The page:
Before the centre pages we get a two-page feature on The Black Hole (due to be released just before the next prog came out), written by Richard Burton. Sorry, I mean written by Ro-Jaws and assisted by Research Robot Richard Burton. After a brief synopsis and review, the second half of the feature is given over to reporting on the British launch party. I presume Burt attended, either that or all the quotes are culled from the press kit.
The centre pages and Ro-Jaws is back (joined by Hammerstein) in the final part of Judge Dredd’s Hall of Heroes. Other heroes detailed are The Visible Man, The Stainless Steel Rat, Strontium Dog, MACH Zero and finally Judge Dredd himself.
Captain Klep has the titular character wait out the millions of years since the extinction of the dinosaurs to contemporary times, becoming various characters from history along the way (Genghis Klep, Leonardo da Klep, Christopher Columoklep, Admiral Lord Horatio Klep and Elvis Klep – his beard growing longer and longer with each figure. Each personage is shown in a two-panel joke until it’s time to start that story which was trailed last prog – The Case of the Five BANG! Six Dead Taxi Drivers – starting next week.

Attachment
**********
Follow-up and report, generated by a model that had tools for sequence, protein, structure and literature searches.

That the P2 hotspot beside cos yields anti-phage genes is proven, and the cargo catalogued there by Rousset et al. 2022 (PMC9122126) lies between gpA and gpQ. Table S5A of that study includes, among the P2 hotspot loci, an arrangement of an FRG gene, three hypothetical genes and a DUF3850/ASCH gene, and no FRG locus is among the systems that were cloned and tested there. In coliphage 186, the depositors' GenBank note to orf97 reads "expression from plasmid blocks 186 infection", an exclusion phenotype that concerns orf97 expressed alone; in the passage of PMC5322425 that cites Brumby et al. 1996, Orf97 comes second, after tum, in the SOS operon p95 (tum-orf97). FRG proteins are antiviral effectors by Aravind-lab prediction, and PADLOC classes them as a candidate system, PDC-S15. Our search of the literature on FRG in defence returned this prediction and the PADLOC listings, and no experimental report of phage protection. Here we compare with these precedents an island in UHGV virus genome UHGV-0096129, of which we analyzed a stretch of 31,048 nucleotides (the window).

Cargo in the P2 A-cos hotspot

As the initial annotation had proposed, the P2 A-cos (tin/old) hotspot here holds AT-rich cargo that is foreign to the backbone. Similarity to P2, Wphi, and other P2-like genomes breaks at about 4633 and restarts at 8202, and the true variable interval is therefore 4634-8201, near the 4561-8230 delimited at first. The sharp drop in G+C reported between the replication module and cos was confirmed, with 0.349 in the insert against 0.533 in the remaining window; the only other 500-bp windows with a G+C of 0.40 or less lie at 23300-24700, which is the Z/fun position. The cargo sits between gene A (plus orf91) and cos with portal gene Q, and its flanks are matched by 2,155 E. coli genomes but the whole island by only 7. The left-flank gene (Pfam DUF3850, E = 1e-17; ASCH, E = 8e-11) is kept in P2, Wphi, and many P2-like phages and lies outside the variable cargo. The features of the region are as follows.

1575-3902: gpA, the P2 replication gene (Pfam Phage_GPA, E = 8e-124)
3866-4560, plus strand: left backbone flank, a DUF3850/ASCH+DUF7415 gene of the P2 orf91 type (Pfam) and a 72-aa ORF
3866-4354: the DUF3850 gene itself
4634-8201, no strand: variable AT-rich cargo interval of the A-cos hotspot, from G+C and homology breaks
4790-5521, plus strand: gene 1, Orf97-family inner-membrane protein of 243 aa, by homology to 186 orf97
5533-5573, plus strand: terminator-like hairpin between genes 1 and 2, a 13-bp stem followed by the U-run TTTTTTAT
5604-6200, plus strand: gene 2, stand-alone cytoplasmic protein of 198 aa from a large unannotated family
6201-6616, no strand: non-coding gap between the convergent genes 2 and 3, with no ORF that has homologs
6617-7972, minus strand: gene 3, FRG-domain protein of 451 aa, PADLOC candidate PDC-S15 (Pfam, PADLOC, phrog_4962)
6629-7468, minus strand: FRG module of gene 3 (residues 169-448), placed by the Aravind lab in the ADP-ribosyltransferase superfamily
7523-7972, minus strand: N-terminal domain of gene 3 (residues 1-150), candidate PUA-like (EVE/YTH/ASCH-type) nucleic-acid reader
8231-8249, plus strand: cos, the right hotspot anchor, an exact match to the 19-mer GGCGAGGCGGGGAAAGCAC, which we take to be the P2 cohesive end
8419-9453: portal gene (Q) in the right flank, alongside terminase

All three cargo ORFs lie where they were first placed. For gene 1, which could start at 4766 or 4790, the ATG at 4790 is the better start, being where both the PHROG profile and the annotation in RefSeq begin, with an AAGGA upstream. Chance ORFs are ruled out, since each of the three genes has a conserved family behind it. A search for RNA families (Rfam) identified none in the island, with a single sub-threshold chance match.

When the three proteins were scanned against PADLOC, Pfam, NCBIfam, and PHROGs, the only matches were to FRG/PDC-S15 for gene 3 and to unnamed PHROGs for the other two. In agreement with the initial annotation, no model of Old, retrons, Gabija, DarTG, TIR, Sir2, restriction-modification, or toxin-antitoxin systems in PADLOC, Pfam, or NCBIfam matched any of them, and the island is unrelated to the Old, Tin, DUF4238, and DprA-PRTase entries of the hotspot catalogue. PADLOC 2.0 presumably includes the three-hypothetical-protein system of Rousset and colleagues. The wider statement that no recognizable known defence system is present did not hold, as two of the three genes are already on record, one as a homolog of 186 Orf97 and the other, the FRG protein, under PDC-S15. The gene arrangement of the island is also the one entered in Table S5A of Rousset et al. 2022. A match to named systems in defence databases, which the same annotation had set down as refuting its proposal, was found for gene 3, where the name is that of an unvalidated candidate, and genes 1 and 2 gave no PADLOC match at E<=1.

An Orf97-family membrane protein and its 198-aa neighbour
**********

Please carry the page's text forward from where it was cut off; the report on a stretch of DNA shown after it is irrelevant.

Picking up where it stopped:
Fiends of the Eastern Front Part 4, from Gerry Finlay-Day and Ezquerra. In the land of forever night (well, six months of the year, anyway) Hans and Karl bemoan their position at the end of the Earth. Suddenly they are set upon by Russian ski troops though as reinforcements arrive they ski away, too fast to be chased, by humans. Wolves, however, seem to have no problems chasing them through the snow (not the only time we’ll see a wolf attack in a snowy wilderness in 2000AD though it’ll be about seven years until the next one). One straggling ski troop is about to be set upon by a wolf but Hans can’t bear to see the slaughter and uses the fallen troops skis to form the sign of the cross (these vampires are very much from the Hammer school of vampirism). Hans watches the wolf transform into Sergeant Gorgo before his eyes as Captain Constanta arrives, warning him not to interfere again. The only thing that has saved him is that they are allies (this was mentioned in a previous episode). Just for good measure Hans thought bubble also mentions how he is safe only because they are allies. It’s certainly lucky that counties don’t switch allegiances during the course of wars, isn’t it? Next prog: The Luck of the Devil!